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UToledo Hosts Dialogue on Diversity to Discuss Gandhi Sculpture

The University of Toledo is continuing its Dialogues on Diversity series with a conversation about the role of art in society, the differences between art and monuments, and how to best recognize the achievements of fallible individuals.

The next virtual town hall in the series titled “Stay or Go? The Story of a Gandhi Sculpture” will take place 5:30 p.m. Thursday, Sept. 24 and can be accessed on Webex using the access code 172 458 2365. The meeting password is DoD8. Join by phone at 415.655.0002.

This summer the University removed a sculpture of Mahatma Gandhi, the leader of the Indian independence movement, that was part of the group of new art works installed on campus for UToledo’s 15th annual Outdoor Sculpture Exhibition.

The President’s Commission on Campus Design and Environment, which chooses new sculptures to be installed at the University each spring, made the decision after a student brought forward concerns about Gandhi’s comments about Black Africans and women.

The student wrote, in part, “In this time of movements and stress, I do not think that this Gandhi statue will help.”

“The goal of the sculpture program is to add beauty to our campuses through one-year exhibits that rotate annually,” said Dr. Jonathan Bossenbroek, professor and chair of the Department of Environmental Sciences and president of the President’s Commission on Campus Design and the Environment. “This is a critical example of why it is important to keep these conversations going and include a diversity of voices in decision-making. We are grateful to the student for bringing his concerns to our attention. We did not intend to be offensive, and we do not stand for that.”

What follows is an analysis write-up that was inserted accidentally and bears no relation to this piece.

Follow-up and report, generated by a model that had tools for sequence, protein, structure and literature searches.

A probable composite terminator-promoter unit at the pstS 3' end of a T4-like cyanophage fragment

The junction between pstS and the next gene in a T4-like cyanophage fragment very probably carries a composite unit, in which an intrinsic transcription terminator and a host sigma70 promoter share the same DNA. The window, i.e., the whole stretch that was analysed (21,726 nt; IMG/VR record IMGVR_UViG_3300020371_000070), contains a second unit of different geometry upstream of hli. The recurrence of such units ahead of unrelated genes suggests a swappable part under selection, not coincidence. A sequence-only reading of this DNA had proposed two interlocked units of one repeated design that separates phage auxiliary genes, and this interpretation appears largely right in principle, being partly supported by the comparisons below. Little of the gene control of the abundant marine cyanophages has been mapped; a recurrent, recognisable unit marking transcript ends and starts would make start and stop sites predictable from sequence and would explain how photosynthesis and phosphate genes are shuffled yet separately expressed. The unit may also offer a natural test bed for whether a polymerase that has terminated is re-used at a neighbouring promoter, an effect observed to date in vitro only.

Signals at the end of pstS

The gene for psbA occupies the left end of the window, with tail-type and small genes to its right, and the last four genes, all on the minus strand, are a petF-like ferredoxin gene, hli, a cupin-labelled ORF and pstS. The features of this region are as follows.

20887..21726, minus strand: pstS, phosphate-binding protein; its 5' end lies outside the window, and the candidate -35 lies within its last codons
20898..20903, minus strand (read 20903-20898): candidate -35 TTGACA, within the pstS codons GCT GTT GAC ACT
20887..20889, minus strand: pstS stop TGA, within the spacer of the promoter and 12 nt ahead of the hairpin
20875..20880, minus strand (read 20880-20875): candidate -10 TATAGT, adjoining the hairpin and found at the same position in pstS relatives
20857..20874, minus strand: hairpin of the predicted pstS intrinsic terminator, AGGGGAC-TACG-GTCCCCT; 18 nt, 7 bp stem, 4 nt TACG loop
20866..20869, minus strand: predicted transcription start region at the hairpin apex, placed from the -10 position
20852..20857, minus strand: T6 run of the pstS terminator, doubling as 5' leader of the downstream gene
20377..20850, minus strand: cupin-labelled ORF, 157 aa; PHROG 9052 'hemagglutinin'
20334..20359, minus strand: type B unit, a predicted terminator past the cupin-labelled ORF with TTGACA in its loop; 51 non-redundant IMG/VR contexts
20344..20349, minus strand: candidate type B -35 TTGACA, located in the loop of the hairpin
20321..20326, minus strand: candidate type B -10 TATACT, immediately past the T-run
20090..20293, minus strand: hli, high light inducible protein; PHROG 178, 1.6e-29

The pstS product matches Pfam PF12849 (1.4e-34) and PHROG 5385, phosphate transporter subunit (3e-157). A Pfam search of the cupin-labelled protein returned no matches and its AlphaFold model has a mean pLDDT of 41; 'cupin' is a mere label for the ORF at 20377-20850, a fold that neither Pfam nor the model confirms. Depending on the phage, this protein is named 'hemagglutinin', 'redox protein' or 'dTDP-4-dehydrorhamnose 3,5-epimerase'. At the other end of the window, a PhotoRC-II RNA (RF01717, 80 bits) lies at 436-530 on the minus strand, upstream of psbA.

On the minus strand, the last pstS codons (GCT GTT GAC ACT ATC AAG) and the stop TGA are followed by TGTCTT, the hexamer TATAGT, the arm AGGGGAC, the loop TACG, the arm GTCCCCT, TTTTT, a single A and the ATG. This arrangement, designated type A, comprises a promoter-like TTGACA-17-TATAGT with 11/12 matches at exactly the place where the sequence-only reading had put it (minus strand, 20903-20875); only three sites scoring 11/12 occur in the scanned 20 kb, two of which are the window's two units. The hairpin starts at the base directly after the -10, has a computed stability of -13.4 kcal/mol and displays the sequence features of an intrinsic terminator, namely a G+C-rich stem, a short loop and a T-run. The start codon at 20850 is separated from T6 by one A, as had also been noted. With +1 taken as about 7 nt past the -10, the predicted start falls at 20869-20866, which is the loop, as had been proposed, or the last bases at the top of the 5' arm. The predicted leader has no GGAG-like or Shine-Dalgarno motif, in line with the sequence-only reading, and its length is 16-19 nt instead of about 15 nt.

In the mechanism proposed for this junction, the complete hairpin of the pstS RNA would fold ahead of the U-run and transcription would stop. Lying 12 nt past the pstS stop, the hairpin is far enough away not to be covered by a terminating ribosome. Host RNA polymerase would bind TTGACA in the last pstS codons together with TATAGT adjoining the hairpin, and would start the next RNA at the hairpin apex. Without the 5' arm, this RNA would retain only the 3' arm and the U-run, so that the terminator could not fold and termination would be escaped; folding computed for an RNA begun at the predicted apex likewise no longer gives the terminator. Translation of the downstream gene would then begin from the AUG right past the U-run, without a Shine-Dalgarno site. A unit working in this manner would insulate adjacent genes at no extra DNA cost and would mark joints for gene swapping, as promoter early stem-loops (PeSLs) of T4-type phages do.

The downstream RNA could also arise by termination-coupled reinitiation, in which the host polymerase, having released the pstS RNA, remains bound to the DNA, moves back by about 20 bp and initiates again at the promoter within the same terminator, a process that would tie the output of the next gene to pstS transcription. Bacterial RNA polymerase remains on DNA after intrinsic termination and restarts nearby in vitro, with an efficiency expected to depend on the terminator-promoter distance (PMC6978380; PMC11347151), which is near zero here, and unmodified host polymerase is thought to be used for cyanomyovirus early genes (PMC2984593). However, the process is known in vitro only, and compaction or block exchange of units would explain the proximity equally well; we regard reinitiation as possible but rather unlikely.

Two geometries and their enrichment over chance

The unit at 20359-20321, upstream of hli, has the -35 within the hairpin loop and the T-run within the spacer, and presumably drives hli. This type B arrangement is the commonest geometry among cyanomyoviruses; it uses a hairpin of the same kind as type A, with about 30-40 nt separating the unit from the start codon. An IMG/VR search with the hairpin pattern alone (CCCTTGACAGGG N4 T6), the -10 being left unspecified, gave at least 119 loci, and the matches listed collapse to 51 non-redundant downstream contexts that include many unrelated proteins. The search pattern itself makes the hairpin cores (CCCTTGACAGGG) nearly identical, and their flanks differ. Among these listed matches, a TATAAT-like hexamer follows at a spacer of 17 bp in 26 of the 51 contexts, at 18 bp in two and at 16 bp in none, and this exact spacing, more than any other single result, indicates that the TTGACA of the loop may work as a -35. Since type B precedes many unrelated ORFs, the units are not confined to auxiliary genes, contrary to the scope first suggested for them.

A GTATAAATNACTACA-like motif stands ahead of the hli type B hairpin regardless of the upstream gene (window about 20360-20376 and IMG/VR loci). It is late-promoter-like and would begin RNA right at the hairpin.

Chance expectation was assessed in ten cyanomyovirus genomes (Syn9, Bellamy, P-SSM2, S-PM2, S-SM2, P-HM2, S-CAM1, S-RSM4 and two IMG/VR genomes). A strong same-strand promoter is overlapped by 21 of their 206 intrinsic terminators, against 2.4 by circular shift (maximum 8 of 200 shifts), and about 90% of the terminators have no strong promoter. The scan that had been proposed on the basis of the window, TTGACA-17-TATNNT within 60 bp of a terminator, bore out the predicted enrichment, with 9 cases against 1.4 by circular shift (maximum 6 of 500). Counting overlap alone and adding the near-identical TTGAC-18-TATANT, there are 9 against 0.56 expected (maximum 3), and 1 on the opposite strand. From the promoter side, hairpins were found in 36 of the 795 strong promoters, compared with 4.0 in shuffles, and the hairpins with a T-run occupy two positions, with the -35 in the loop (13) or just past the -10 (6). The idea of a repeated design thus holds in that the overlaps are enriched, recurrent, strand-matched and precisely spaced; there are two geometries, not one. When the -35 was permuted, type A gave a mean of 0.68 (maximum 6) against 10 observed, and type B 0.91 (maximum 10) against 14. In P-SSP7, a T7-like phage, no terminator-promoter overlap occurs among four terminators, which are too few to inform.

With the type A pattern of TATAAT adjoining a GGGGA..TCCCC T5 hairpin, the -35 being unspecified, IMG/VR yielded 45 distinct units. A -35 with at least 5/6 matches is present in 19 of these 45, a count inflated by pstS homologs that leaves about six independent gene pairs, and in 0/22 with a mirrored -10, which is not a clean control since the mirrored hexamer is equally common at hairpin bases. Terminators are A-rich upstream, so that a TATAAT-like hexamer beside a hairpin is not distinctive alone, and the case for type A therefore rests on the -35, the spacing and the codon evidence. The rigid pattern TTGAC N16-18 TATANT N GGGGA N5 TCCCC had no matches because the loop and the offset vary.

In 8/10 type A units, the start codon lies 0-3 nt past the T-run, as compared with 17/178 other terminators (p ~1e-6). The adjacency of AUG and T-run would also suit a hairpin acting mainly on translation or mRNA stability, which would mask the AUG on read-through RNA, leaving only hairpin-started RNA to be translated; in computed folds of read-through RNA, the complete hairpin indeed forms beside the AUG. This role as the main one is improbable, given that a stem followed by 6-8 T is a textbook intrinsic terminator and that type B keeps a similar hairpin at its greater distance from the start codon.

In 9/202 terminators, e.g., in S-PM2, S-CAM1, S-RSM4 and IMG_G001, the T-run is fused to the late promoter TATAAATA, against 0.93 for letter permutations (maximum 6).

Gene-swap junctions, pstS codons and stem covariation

The University also added students to the selection committee for future exhibitions.

The discussion will be moderated by Bossenbroek, with participants including:

  • Dr. Dale Snauwaert, professor of social and philosophical foundations of education and peace studies;
  • Dr. Rachel Dudley, assistant professor in the Department of Women’s and Gender Studies;
  • Dr. Mysoon Rizk, professor of art history;
  • Riley Danford, UToledo student majoring in human resources who brought forward concerns to the University; and
  • Sanat Wagh, UToledo student majoring in finance and economics, and member of the International Student Association.

This is the eighth in a series of recent virtual Dialogues on Diversity since George Floyd was killed in Minneapolis by a police officer, sparking protests against systemic racism across the country.

Panel Discussion to Explore Women’s Fight for the Vote Then and Now

In honor of the 100th anniversary of the 19th amendment, the Catharine S. Eberly Center for Women will host a panel discussion on the history of women’s suffrage and the future of voter rights.